[0006] Attempts at neat SCT hydroconversion to reduce viscosity and to improve both I N and S BN , have not led to a commercializable process, primarily because fouling of process equipment could not be substantially mitigated. For example, neat SCT hydroconversion results in rapid catalyst coking when the hydroconversion is carried out at a temperature in the range of about 250°C to 380°C, a pressure in the range of about 5400 kPa to 20,500 kPa, using a conventional hydroconversion catalyst containing one or more of Co, Ni, or Mo. This coking has been attributed to the presence of TH in the SCT. Although catalyst coking can be reduced by increasing hydrogen partial pressure, reducing space velocity, and operating at a lower temperature, SCT hydroconversion under such conditions is undesirable because increasing hydrogen partial pressures worsens process economics owing to increased hydrogen and equipment costs. Also, because of the increased hydrogen partial pressure, reduced space velocity, and reduced temperature range, an unacceptable level of undesired hydrogenation reactions can occur, leading to precipitation of the higher I N molecules.

[0007] Previous hydroconversion options using conventional hydroconversion process conditions and catalysts faced at least two major obstacles to commercialization. First, high- molecular weight SCT components, especially those having high-viscosity, low S BN and high I N , can adsorb onto the catalyst surfaces. This led to excessive coking on catalyst, which by way of even more hydrogen starvation of aromatic molecules, resulted in poorer solubility of these molecules, eventually ending in process shutdown. Second, because of high hydrogen cost, aromatic ring saturation needed to be limited to prevent poor process economics.

[0008] One approach taken to overcome these difficulties is disclosed in International Patent Publication No. 2013/033580, which is incorporated herein by reference in its entirety. The application discloses hydroconverting SCT in the presence of a utility fluid comprising a significant amount of single and multi-ring aromatics. The hydroconverted tar product generally has a decreased viscosity, decreased atmospheric boiling point range, and increased hydrogen content over that of the SCT chargestock, resulting in improved compatibility with fuel oil and blend-stocks. The reference discloses a utility fluid having an ASTM D86 10% distillation point > 60°C and a 90% distillation point < 360°C. The amounts of utility fluid and SCT are in the range of from about 20.0 wt.% to about 95.0 wt.% of SCT and from about 5.0 wt.% to about 80.0 wt.%) of utility fluid. Hydroprocessing conditions include a temperature in the range of about 50°C to 500°C, an LHSV of the combined utility fiuid/SCT in the range of about 0.1 IT 1 to 30 IT 1 , a molecular hydrogen partial pressure in the range of about 0.1 MPa to 8 MPa, and a molecular hydrogen consumption rate of about 53 S m 3 /m 3 to about 445 S m 3 /m 3 based on the volume of SCT.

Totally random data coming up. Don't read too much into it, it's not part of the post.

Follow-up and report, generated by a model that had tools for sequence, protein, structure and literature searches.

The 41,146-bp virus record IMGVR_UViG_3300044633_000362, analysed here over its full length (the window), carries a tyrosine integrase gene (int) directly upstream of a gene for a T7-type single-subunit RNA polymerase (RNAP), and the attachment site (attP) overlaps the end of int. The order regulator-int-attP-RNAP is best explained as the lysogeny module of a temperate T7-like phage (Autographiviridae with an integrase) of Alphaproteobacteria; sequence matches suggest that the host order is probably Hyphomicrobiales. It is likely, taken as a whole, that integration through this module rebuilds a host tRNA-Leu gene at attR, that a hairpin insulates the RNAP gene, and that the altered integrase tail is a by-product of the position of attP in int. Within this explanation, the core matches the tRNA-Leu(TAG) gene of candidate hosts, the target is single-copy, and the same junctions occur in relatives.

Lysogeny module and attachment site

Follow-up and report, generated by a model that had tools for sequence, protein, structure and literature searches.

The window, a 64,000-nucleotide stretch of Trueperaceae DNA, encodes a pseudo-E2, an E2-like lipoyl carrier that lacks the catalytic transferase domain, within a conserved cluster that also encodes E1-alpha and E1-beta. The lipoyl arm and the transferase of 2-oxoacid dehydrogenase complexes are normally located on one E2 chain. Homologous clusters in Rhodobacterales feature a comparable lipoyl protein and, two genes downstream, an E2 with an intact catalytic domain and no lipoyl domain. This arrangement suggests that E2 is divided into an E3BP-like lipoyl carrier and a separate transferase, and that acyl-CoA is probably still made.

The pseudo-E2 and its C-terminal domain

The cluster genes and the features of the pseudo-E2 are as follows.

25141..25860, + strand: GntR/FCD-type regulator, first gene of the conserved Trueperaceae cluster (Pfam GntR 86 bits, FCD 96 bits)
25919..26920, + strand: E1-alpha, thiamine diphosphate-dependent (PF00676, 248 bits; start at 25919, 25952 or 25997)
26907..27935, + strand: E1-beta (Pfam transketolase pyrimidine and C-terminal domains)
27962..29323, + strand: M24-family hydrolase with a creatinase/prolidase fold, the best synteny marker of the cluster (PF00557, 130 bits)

[0009] Although attempts have been made to develop a commercializable process for converting SCT to lower boiling more valued products, they have fallen short of this goal. Further improvements are therefore desired, e.g., improvements in decreasing the amount of catalyst required without significantly increasing process severity and/or decreasing the amount of utility fluid needed.

Summary of the Invention

[0010] In accordance with certain aspects of the invention, there is provided a process for upgrading a pyrolysis tar chargestock, which process comprises conducting said pyrolysis tar chargestock to a hydroconversion zone for reacting the chargestock in the presence of a hydrogen-containing gas at hydroconversion conditions. The hydroconversion conditions include a temperature in the range of from about 380°C to about 425°C and a hydrogen partial pressure in the range of from about 500 psig (35 bar guage) to about 1,200 psig (82 bar guage). The process includes dispersing in the chargestock, at least one transition metal sulfide catalyst in particulate forms wherein the transition metal content is from about 10 wppm to about 1000 wppm, based on the weight of the chargestock. The transition metal can be selected from groups 4 to 10 of the Periodic Table of the Elements.

[0011] In certain aspects the transition metal sulfide catalyst is formed during a pretreatment step, the pretreatment step including (a) dissolving at least one oil-soluble compound of the transition metal in a hydrocarbon solvent and (b) reacting the resulting solution with a sulfur- containing material at a temperature in the range of about 325°C to about 415°C, in the presence of a hydrogen-containing gas, to produce a transition metal sulfide catalyst in particulate form in the hydrocarbon solvent. The particulate+hydrocarbon solvent mixture is then introduced into the pyrolysis tar chargestock and subjected to hydroconversion conditions.

[0012] In another aspect the transition metal sulfide catalyst is formed in-situ in the chargestock by directly introducing an amount of an oil-soluble transition metal compound that is sufficient for forming the particulate catalyst in the pyrolysis tar chargestock. The resulting mixture of chargestock and oil-soluble transition metal compound is then exposed to hydroconversion conditions.